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Modern public transportation systems are increasingly being overwhelmed by digital technology, particularly in demand-responsive services like paratransit and taxi (where software performs scheduling and dispatching) and school bus services (where software often designs the routes and selects the stops). This creep of technology has replaced management personnel with a “feel for operations” with an army of computer geeks with no feel for or interest in it. Apart from such technology’s counterproductive impact on efficiency (a good human scheduler can significantly outperform any scheduling software where the system has been designed intelligently, much less at all), it has had a profoundly negative effect on passenger safety, particularly in the school bus sector — where live Earthlings formerly evaluated the numerous factors that affect the safety of bus stops when selecting them. At the vehicle level, navigational systems with maps, mobile data terminals and other paraphernalia often cause drivers to remove their eyes from the roadway or mirrors, and a vehicle can change position in or out of its lane in a heartbeat.
Interestingly, while most advances in non-digital technology (e.g., improved mirror technology, reduced hood angles in Type C school buses, etc.) have enhanced safety significantly, the overwhelming of management and drivers with digital technology has undermined their contact with the physical features of “operating reality,” and particularly for drivers, has driven many not particularly computer literate from the field altogether, leading to dangerous driver shortages that understandably translate into negligent hiring and retention. This loss among dispatch personnel of the “feel” for what’s going on has also led to an explosion in passenger molestation that goes undetected despite the profusion of digital tools that, if used properly, theoretically possess the capability of actually improving system monitoring. Because of the illusion of “knowing everything” that such technology presents, few systems relying upon it bother to install sister-technologies like video cameras in the vehicles — technology that would deter the commission of passenger assault and molestation by both drivers and fellow passengers in most cases. Regardless, the passengers most vulnerable to digital madness are physically and developmentally disabled children and adults – individuals who ironically avoid crossing incidents because of their provision of door-to-door or curb-to-curb service.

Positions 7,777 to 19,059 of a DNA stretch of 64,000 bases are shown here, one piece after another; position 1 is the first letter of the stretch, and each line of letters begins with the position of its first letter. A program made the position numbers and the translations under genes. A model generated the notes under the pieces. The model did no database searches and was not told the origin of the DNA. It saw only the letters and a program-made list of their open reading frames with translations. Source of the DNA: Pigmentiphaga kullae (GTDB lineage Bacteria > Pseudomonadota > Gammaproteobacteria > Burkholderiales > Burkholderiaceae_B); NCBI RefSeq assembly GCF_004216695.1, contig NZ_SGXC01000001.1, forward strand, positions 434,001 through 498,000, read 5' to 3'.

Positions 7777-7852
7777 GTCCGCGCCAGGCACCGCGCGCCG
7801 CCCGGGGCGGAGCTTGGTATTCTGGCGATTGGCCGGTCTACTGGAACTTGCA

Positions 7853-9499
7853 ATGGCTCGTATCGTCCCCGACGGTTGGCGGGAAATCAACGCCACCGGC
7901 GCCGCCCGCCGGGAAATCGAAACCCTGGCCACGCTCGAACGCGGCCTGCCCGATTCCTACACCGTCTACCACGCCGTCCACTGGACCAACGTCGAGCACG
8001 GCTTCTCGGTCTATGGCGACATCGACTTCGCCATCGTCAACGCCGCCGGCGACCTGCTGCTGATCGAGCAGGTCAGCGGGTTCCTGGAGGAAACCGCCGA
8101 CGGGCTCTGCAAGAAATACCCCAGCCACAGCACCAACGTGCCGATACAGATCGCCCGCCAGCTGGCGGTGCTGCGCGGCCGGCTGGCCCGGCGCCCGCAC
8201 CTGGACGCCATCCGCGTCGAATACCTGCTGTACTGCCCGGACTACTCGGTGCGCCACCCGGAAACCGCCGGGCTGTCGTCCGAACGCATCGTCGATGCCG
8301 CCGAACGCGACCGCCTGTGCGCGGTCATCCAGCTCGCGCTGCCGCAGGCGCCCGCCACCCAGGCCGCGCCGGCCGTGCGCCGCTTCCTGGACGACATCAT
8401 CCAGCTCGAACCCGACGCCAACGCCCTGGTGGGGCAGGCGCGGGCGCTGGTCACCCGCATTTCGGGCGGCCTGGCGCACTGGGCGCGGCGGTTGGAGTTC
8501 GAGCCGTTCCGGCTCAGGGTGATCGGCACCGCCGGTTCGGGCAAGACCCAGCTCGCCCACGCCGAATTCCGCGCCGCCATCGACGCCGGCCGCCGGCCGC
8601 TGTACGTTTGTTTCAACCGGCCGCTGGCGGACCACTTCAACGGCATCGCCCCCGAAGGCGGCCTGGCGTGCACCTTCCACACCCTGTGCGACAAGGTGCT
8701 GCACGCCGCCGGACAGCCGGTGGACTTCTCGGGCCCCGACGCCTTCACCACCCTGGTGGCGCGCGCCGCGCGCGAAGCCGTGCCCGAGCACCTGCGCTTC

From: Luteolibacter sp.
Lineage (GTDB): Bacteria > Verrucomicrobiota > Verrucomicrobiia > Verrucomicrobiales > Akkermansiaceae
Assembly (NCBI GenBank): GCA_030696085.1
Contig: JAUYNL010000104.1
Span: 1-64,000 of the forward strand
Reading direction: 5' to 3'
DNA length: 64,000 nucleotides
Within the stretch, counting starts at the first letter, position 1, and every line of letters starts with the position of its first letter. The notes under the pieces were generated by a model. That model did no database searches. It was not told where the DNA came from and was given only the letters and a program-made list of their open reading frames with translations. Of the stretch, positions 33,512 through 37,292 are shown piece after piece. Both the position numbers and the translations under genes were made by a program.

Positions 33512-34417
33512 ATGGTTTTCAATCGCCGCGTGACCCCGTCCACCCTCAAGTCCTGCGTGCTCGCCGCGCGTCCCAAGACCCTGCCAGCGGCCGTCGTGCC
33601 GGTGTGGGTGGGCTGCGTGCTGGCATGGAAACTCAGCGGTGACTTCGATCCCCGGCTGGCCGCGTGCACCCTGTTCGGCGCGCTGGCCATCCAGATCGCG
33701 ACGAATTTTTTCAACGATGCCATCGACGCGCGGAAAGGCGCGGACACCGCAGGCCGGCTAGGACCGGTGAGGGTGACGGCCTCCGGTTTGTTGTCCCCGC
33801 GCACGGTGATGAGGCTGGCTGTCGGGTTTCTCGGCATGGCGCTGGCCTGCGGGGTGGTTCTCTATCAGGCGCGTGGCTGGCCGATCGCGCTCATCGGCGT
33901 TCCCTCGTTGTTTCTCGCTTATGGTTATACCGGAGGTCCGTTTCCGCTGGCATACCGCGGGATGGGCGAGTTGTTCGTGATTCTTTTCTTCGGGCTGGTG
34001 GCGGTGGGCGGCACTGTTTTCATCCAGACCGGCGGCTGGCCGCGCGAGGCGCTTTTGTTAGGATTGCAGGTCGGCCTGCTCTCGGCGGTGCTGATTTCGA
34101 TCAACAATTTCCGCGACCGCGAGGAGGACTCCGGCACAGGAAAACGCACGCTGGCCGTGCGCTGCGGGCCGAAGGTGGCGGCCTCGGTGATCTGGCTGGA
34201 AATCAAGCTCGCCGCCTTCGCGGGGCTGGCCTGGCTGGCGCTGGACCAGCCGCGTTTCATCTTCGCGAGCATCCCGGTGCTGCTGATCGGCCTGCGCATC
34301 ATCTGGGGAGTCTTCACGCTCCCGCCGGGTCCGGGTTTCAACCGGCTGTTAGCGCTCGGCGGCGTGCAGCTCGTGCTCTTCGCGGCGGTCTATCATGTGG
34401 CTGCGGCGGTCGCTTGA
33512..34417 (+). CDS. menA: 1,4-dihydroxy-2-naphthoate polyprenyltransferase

Finally, new technology almost always causes problems until the industry learns how to adjust to it. Navigation devices provide a salient illustration. While designed for a voice to guide the driver, these devices also include maps depicting the route directly in front of the vehicle. Certain naïve state DMVs (e.g., California) actually permit the mounting of such devices on the windshield or dashboard — effectively encouraging drivers to shift their eyes from the windshield and mirrors (which they are supposed to scan every five to eight seconds, according to defensive driving principles) to the study of a tiny, constantly undulating map. In one recent case in which I was involved, in order to listen to the radio, the driver placed this device on his lap, and while looking at it, drove into a tree as the road in front of him curved around sharply. His unsecured gurney passenger was propelled forward, like an artillery shell, into the edge of a “captain’s seat,” which split her head open. While not a typical “catastrophic” accident in the classical sense, the settlement award was astronomical.